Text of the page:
ANTHROPOLOGY

ANTHROPOLOGY

Participant Observation as a Way of Life.

 

For our March Meditation month I want to highlight an anthropological tool that is used in the field when learning about other cultures. It is called ‘participant observation’, which means to participate while observing, rather than just being a bystander looking in from the outside.

 

There are two key purposes for the practise of participant observation, one is to join the community you are observing so that you are not seeing them as ‘other’ and they are not intimidated by you as the ‘other’. The second is to experience a real felt sense of what it is like to be them, to live the way they do and therefore have a more accurate account of that way of life.

 

You may not be venturing into foreign lands to study the ways of unknown cultures as Anthropologists did and do, but we venture into different cultures other than our own all the time. To be more precise, we tend to stay in our comfort zones, only participating in group cultures that we are already familiar with, however, any time we venture out of our comfort zone we are essentially entering an unknown culture.

 

Have you ever joined a new sports group, yoga class, or painting workshop and felt a little nervous, unsure of how things are done in that space? This is what it feels like entering an unknown culture. As you might imagine, it does no good to stand aloof on the side line or pretend that you’re invisible while watching others. In other words, it is a little odd and ultimately not enriching to learn or play by just observing, we must participate if we truly want to expand ourselves.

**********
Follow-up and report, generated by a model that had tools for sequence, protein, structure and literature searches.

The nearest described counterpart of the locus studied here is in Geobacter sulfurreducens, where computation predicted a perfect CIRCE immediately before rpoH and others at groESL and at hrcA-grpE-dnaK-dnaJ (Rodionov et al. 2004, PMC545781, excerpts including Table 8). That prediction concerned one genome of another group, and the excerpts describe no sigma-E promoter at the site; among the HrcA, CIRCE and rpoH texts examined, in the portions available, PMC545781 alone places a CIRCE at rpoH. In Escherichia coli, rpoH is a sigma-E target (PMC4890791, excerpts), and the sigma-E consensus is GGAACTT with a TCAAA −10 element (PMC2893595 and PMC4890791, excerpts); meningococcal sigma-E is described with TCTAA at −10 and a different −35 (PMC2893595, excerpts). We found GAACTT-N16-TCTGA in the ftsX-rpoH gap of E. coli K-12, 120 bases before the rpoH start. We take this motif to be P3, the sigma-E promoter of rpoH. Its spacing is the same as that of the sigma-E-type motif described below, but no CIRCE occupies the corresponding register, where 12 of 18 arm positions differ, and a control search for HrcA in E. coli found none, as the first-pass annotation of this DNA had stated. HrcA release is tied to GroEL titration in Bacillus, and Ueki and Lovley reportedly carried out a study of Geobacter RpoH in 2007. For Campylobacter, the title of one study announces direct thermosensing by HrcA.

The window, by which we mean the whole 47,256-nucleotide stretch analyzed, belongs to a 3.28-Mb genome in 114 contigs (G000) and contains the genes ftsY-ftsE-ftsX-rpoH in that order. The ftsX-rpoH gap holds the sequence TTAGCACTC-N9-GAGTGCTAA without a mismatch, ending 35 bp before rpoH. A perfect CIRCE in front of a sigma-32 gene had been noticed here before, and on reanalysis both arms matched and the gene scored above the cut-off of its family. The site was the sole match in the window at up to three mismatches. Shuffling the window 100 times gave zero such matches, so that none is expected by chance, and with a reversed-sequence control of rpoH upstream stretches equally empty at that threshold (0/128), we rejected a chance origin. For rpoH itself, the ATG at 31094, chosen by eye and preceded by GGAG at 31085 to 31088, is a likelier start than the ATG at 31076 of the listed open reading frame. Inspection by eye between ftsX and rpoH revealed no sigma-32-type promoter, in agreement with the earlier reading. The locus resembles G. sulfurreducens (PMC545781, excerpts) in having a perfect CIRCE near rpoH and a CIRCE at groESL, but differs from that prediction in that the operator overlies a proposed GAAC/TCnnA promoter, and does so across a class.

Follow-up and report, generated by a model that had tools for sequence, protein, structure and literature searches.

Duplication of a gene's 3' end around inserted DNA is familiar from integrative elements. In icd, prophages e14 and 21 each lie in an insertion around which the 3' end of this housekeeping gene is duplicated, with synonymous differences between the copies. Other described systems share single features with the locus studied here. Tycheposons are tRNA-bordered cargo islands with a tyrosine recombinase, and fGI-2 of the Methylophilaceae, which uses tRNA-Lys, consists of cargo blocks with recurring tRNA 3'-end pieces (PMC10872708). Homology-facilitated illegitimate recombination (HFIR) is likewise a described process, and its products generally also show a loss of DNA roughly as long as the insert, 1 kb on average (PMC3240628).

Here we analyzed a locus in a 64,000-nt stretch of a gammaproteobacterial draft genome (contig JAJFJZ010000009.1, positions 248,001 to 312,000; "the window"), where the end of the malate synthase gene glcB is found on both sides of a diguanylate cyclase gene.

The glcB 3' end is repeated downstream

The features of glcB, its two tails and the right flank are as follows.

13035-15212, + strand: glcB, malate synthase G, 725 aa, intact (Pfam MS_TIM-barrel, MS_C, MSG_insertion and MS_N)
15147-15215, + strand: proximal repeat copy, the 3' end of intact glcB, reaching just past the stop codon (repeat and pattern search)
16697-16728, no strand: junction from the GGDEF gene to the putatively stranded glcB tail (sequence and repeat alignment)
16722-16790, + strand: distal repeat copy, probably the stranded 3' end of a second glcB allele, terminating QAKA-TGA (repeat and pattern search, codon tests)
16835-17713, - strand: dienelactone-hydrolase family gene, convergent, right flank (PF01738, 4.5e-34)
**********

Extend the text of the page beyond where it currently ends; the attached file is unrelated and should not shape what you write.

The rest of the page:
Participant observation can be a tool for you to use if you don’t often leave your comfort zone but really want to try something new. You can set your own boundaries on how much you want to participate at any one time and then, with the cover of your eagerness to learn, get your journal out an take notes in silence. You can also ask whoever is in charge if you can attend just for a taster, or be explicit about just wanting to observe for the first session to see if it’s for you.

 

You can even use the participant observation tool as a way of life. Get a feel for the culture of the space you find yourself in by flowing between active participation and passive observation. Over time it will become more natural to do both simultaneously, integrating participating and observing so that both become your modus operandi. It can be a tremendously helpful way to integrate into a new culture as well as cultivate a more mindful approach to every day situations.

 

Join me over at IG for our March Meditation Challenge, every morning at 7am, for a short and sweet 10 minute meditation!

 

Chantal x

 

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